Mae Clarke plays a showgirl reduced to prostitution in World War I London. During an air raid, she meets a naive but good-hearted soldier played by Douglass Montgomery. You can see where this is going.
I bought Clarke’s performance. Her eyes convey the right amount of self-loathing and detachment without looking heartless. Played opposite Montgomery’s naivety, I could buy the mutual attraction. I also enjoyed Enid Bennett’s performance as Montgomery’s upper-crust mother. She charms while staying true to type. Bette Davis plays Montgomery’s sister in a forgettable part.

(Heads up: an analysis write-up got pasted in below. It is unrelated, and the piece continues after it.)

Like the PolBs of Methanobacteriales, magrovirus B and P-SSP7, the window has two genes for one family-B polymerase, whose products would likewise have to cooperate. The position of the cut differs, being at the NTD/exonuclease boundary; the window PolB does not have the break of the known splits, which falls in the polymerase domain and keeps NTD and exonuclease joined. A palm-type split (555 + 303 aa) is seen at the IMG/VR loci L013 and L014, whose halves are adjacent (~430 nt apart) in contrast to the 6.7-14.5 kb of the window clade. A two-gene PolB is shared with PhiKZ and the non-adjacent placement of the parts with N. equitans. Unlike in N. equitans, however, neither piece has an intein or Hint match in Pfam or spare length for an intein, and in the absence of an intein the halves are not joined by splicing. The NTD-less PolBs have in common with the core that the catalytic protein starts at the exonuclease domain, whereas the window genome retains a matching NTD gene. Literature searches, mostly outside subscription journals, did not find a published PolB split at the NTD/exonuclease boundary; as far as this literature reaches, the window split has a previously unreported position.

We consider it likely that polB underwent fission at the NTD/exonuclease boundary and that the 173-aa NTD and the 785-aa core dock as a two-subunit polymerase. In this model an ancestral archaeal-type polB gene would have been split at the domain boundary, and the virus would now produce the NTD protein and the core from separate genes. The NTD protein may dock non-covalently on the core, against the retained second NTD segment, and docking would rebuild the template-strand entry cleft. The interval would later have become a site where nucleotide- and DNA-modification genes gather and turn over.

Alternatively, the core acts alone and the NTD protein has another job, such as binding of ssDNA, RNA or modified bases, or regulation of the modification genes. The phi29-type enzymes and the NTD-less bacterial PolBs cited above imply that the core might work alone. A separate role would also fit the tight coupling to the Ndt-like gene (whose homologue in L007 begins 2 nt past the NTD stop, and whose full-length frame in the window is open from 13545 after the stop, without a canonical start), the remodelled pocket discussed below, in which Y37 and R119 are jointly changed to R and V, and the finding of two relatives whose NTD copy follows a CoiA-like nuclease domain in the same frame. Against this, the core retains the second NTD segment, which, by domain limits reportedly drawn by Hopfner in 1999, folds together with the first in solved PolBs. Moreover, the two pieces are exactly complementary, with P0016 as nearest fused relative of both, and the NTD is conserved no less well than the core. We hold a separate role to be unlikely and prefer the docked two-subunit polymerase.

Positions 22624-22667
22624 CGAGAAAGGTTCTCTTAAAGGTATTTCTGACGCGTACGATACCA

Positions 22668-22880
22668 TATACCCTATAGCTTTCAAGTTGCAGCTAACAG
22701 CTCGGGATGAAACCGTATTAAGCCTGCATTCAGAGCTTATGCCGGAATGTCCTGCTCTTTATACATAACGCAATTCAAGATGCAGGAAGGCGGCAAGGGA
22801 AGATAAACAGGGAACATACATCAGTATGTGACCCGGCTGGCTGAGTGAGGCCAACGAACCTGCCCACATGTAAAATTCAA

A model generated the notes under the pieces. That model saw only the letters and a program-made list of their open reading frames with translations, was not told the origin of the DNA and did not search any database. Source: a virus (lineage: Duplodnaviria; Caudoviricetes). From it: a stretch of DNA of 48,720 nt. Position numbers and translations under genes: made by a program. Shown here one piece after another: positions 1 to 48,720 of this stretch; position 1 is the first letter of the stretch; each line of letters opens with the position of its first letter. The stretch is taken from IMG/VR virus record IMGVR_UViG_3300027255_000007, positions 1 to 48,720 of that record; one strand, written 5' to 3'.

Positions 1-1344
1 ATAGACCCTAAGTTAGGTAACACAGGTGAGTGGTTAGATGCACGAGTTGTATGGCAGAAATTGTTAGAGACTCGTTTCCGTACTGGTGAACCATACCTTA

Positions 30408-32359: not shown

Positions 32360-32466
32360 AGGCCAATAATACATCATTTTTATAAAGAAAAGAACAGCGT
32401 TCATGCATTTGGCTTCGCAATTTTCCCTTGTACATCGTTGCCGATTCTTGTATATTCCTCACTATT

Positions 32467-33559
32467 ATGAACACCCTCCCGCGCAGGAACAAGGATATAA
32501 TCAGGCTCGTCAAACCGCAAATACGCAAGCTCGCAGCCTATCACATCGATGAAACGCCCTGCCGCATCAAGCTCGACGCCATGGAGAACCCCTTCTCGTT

But while the performances proved strong, director James Whale’s execution left me wanting. The uninspired photography betrays the script’s stage origins, and the telegraphed finale robs the film of what should have been a gut-punch ending. Disappointing, given Clarke’s effort.